“A friend of mine gave me really great advice last year—she said, ‘Start slow, and then fade.’” —Kevin Schmidt, Courtney Dauwalter’s husband, at the starting line of his first-ever 100-mile ultramarathon (video)
Joy Priest writes “I Feel Most Southern In The Hip-Hop Of My Adolescence,” a creatively-presented piece about growing up, and the importance of the rap songs of that era (there’s a Spotify playlist you can listen to while you read).
This is from 2016, but I just heard about it while listening to Lisa Congdon’s book Finding Your Artistic Voice: Ayumi Horie, a potter in Portland, Maine, and Elise Pepple, stamped neighborhood memories onto bricks and used them to fill in India Street in Portland. You can see some of the bricks on the project’s Instagram page here.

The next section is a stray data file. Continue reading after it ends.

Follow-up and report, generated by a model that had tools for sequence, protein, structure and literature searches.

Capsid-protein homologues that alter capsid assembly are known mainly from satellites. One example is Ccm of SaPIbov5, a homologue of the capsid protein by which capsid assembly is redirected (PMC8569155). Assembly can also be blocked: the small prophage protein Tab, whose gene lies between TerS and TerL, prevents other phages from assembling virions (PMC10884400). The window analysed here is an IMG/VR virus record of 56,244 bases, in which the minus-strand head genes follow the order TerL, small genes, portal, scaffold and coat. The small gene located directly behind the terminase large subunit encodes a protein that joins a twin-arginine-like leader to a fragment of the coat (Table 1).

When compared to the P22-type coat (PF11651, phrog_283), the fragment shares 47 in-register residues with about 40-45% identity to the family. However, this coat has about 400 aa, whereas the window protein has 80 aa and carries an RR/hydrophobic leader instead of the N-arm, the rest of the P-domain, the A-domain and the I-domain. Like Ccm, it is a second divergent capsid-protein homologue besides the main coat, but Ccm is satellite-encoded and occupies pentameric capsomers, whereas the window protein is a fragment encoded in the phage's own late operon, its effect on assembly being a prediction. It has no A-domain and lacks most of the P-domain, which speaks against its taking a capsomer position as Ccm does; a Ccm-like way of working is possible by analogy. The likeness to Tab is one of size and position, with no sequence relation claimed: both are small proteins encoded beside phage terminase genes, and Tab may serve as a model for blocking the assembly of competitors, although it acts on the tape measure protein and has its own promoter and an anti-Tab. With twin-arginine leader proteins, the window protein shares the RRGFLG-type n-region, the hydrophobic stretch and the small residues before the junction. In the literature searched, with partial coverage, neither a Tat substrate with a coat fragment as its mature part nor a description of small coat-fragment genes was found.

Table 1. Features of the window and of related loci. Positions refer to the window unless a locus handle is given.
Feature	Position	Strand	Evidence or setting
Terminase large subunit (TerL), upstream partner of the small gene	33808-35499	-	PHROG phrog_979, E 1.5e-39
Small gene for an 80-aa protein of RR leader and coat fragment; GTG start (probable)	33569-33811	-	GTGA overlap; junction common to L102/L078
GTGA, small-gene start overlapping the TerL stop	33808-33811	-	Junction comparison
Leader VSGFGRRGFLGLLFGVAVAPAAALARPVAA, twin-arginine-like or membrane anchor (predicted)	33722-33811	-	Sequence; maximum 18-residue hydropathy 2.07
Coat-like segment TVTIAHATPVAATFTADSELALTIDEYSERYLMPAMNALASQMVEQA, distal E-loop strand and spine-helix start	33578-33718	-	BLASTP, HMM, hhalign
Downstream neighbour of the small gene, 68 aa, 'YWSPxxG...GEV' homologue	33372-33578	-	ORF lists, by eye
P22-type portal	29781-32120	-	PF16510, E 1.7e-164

If you are a Murakami fan, you might enjoy reading this piece about when he first came to the U.S. and the beginning of his worldwide success (excerpted from a new book about how Murakami became such an internationally renowned author)
I don’t know if it’s for everyone, but I just listened to Acid for the Children, Flea’s memoir of growing up (the book ends with the beginning of the Red Hot Chili Peppers), and I’m still thinking about some of the stuff in it several days later, including hearing him getting emotional while reading his own writing for the recording of the audiobook. (thanks to my friend Ed Roberson for the recommendation a few months ago)
Filmed By Bike is doing a YouTube livestream film festival event called HIGH VIS Celebrating BIPOC Cyclists and their Stories on October 2 and 3—tickets are pay-what-you-can and are available here. (P.S. my short film Chocolate Spokes is one of the films)
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